- Agriculture, Forestry & Soils
- Field crops, grasses, plant fibers, spices, tree crops, herbs
Gravois, Kenneth Sugar Research Station, LSU AgCenter, Louisiana State University, St. Gabriel, Louisiana.
Last reviewed:October 2019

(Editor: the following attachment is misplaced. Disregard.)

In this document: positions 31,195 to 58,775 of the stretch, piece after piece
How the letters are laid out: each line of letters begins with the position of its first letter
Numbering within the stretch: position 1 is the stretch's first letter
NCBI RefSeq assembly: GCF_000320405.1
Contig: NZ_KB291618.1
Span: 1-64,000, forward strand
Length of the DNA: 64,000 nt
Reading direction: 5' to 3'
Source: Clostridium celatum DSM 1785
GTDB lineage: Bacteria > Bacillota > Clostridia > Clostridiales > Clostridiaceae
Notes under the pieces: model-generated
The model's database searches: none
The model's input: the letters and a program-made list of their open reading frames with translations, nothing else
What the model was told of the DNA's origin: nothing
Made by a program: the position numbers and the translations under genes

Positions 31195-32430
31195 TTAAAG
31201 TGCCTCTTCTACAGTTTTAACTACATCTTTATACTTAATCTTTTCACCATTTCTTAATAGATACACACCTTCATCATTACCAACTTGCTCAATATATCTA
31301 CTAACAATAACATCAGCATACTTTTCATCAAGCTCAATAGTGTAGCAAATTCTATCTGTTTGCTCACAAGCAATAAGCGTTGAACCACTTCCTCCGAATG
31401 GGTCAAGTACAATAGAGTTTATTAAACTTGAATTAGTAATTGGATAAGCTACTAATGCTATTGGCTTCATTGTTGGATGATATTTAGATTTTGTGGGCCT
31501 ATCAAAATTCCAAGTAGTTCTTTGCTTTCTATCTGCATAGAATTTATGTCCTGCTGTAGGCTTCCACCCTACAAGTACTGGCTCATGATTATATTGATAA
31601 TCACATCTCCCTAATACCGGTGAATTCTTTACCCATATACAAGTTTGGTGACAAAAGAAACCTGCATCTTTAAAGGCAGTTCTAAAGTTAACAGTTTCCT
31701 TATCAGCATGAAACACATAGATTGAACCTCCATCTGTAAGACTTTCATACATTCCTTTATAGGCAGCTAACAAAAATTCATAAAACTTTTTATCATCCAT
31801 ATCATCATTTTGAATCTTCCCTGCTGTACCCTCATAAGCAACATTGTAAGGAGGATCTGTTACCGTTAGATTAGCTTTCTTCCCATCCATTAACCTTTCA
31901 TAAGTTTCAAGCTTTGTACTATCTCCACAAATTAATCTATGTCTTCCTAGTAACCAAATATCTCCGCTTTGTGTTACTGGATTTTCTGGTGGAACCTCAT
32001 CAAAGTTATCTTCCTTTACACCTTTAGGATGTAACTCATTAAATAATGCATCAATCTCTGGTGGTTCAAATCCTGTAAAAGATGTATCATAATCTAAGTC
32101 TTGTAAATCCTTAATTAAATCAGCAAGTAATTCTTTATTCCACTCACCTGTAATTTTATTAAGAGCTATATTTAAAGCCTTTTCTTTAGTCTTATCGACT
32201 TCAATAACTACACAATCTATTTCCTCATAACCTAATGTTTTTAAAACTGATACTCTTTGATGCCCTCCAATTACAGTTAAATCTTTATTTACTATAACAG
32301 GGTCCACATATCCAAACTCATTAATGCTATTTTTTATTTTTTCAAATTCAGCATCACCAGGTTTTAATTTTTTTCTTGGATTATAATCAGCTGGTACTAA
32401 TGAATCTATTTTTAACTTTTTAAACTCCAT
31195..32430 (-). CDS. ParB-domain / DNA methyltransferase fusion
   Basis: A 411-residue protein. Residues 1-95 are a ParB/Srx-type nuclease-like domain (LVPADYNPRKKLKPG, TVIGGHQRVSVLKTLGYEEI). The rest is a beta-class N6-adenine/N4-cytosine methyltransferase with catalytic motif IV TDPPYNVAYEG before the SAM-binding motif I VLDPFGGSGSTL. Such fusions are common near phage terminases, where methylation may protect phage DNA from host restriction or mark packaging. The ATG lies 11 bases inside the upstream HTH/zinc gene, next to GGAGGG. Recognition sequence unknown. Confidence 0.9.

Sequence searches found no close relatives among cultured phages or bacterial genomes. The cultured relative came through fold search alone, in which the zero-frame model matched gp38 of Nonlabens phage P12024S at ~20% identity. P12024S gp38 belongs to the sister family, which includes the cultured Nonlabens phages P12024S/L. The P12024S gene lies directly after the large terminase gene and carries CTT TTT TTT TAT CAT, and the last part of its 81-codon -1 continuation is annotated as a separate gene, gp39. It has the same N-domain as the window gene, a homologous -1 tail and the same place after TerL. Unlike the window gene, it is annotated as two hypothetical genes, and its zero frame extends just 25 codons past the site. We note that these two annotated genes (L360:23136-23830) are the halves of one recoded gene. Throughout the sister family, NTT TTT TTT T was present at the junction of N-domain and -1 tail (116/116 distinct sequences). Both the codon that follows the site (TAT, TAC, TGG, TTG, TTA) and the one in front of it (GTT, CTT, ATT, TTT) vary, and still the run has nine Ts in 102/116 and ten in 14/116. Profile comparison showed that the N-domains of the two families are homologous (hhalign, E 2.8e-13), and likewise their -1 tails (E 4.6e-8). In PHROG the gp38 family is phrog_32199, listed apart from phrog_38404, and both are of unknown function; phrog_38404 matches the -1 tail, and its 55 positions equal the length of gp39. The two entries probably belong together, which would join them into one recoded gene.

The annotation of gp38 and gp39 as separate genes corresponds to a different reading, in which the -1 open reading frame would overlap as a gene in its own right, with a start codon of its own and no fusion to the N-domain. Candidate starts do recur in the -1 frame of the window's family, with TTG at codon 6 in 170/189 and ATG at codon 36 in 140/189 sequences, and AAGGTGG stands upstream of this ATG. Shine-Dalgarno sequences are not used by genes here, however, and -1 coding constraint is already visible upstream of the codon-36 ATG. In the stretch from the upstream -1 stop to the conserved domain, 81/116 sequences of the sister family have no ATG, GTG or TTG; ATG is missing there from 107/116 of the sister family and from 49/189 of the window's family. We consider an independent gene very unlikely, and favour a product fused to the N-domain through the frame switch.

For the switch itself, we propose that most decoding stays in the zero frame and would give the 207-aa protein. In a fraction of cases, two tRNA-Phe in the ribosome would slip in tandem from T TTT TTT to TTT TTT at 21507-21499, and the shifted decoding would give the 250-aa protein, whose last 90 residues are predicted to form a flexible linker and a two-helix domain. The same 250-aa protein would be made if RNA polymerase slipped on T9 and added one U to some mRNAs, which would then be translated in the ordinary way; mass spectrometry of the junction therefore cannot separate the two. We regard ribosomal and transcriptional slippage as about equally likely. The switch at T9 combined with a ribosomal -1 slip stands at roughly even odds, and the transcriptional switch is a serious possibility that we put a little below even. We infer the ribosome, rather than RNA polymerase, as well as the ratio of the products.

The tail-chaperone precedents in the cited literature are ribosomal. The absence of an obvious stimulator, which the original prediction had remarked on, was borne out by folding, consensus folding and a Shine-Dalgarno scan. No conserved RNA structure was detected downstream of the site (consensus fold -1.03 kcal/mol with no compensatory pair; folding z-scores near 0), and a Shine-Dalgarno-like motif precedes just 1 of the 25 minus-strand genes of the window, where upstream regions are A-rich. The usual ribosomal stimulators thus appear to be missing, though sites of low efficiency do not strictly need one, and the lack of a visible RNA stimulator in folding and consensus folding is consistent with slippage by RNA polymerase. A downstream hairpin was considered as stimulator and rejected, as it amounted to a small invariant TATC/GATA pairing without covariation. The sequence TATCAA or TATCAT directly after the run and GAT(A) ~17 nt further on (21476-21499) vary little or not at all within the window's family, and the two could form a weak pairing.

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Saccharum officinarum, a stout, perennial member of the grass family characterized by two-ranked leaves and a many-jointed stalk; the source approximately 70% of the world's annual sugar production. Sugarcane (also spelled sugar cane) [Fig. 1] originated in New Guinea about 8000–15,000 BCE. The crop was later moved by humans westward into Southeast Asia and India and eastward into Polynesia. The original sugarcanes, so-called noble canes, probably evolved from a wild ancestor, Saccharum robustum. Saccharum officinarum clones were selected by humans for high sucrose content and low fiber content, making them soft enough for consumption, while clones of S. robustum were selected for higher fiber content, making them suitable for building and fencing. S. officinarum was hybridized with wild species, especially S. spontaneum, in Asia, giving rise to new clones that were variable in morphology and ecological tolerance and that extended the distribution of sugarcane into the subtropics.. Two additional species, S. sinense and S. barberi, are recognized in botanical literature. See also: Chromosome; Cyperales; Grass crops; Plant; Poales; Sugars (sweeteners); Sugar crops; Sugars (sweeteners)
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